What's the single, most important element in copywriting?
Let me say it another way.
You've done your research. You found a starving market. Your product fills a need. And your sales copy shines with benefits. If everything is so perfect, then why is your product still not selling? Is it the price? The offer? The competition?
Maybe. But not necessarily.
The fact is, these things are not always to blame for being unable to sell an in-demand product, even with great copy. Too often, it has more to do with one thing:
Focus. (Or should I say, the lack thereof.)
In fact, the greatest word in copywriting is not “free.” It's “focus.” And what you focus on in your copy is often the single, greatest determinant of your copy's success.
In my experience, copy that brings me the greatest response is copy that focuses on:
- One messsage
- One market
- One outcome
Here's what I mean…
1. One Message
The copy doesn't tell multiple, irrelevant stories. It doesn't make multiple offers. It doesn't go on tangential topics or provide extra information that doesn't advance the sale.
Copy should make one offer and one offer only.
Too many messages confuse the reader. And as copywriter Randy Gage once noted, “The confused mind never buys.” It confuses them because they don't know which offer provides them with the best value for the amount of money they are ready to spend.
Prospects want to spend their money wisely. Lose focus, and it is harder to think clearheadedly as to make a wise decision in the first place. Remember this axiom:
“Give people too many choices and they won't make one.”
You don't want to do what my teenage daughter does to me. When we go shopping for a dress, after hours of flipping through hangers and racks, she finally pinpoints one she likes, goes to the changing room to try it on, looks at me and asks, “How's this one?”
“Perfect!” I say. “You sure, dad?” She asks. “Yes,” I add. “I'm positive.” So we head to the cash register when, suddenly, she stops along the way, picks up another dress off the rack, and says, “How about this one? Or maybe this one? Oooh, look at this other one!”
We came really close to walking out of that store without buying any of the dresses.
2. One Market
I don't want to spend the little space I have for this article to extoll the virtues of niche marketing. But when it comes to writing high-converting sales messages, it goes without saying: trying to be all things to all people is next to impossible.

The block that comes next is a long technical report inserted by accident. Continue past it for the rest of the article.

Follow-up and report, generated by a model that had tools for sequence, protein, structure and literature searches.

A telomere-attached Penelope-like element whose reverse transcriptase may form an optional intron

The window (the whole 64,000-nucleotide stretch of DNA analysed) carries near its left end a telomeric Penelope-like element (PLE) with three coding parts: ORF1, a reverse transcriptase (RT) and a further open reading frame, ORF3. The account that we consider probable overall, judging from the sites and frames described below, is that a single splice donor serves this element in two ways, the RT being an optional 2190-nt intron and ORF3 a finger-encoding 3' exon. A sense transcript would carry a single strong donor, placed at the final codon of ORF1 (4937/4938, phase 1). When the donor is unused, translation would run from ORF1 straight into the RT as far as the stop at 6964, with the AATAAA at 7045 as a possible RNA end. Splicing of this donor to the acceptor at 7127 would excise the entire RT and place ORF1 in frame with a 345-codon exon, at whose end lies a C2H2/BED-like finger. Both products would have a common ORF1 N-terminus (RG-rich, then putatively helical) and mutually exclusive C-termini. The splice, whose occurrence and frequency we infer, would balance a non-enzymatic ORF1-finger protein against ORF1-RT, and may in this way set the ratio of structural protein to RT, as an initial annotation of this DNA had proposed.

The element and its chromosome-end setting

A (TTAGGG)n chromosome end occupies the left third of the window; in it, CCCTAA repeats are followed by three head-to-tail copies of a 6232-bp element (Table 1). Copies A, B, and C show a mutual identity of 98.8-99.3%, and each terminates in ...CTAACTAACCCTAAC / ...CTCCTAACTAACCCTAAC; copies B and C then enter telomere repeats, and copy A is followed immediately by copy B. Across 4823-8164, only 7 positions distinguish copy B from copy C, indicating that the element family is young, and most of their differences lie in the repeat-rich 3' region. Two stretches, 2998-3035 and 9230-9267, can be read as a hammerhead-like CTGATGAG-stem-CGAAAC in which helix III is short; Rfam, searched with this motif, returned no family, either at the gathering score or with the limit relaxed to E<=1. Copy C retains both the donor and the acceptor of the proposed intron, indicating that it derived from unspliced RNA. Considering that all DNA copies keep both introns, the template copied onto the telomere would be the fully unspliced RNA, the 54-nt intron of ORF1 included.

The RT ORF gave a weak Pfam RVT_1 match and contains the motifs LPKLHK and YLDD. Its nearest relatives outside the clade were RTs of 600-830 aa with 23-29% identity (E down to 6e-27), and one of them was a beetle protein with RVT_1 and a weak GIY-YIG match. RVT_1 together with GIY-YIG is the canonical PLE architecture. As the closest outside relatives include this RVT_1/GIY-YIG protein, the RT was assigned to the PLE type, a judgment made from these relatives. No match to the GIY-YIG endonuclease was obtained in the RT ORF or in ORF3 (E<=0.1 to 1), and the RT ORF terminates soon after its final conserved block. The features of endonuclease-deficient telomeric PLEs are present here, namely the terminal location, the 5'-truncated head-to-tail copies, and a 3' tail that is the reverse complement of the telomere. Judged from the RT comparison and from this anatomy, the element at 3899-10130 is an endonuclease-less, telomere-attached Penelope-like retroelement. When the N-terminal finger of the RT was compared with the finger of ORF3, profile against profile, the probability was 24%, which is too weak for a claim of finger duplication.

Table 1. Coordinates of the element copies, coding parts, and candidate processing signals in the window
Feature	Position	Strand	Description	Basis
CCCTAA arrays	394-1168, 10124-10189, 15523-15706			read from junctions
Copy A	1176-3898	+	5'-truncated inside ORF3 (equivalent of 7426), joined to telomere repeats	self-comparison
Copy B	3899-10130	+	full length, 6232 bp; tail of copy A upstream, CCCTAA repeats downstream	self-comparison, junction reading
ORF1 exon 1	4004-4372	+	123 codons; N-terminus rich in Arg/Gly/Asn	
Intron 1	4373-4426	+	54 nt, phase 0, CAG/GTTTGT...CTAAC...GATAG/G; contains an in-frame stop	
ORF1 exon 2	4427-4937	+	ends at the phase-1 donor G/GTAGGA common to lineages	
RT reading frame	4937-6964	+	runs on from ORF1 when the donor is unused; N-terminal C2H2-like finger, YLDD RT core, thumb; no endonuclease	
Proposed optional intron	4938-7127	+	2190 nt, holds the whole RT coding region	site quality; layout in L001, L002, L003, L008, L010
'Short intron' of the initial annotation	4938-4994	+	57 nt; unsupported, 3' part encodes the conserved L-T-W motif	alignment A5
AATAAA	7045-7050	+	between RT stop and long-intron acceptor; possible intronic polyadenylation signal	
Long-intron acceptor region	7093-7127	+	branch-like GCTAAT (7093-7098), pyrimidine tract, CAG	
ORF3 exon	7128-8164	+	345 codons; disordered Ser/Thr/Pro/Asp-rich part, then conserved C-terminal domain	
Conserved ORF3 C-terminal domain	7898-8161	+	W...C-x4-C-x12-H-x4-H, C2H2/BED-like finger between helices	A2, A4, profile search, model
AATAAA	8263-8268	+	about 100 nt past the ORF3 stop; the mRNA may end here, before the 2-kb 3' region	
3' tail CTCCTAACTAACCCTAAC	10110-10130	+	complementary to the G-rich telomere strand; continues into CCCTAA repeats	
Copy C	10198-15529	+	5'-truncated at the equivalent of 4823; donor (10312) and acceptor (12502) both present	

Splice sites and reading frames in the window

When it is possible, then your sales message must be generic enough to appeal to everyone, causing the majority in your market to feel you're not focused on them.
(There's that word “focus,” again!)
In order to appeal to everyone, your sales message will be heavily diluted. It will lose clarity. People will feel left out because you're too vague. You will appear indifferent to their situation, and to their specific needs and goals, too.
If you cater to a large, diversified market, I highly encourage that you segment your market and target each segment separately, and write copy that caters to each one.
That is, write copy for each individual and targeted group of people within your market. If your market is made up of two or three (or more) identifiable market groups, write copy for each one — even if the product is the same for everyone.
3. One Outcome
“Click here,” “read my about page,” “here's a link to some testimonials,” “call this number,” “fill out this form,” “don't buy know, just think about it,” “here are my other websites,” “here are 41 other products to choose from,” and on and on… Ack!
When people read your sales copy, and if your copy is meant to induce sales, then you want one thing and one thing only: get the sale! In other words, there's only one thing your readers should do, and that's buy. Or at least your copy should lead them to buy.
In other words, the ultimate outcome should be to buy — every call to action, every piece of copy, every page, every graphic should revolve around this one outcome.
Remember K.I.S.S. (i.e., “keep it straightforwardly simple”).
You would be surprised at how many salesletters I critique where the author asks the reader to do too many things, to choose from too many things, or to jump through so many hoops to get the very thing they want in the first place.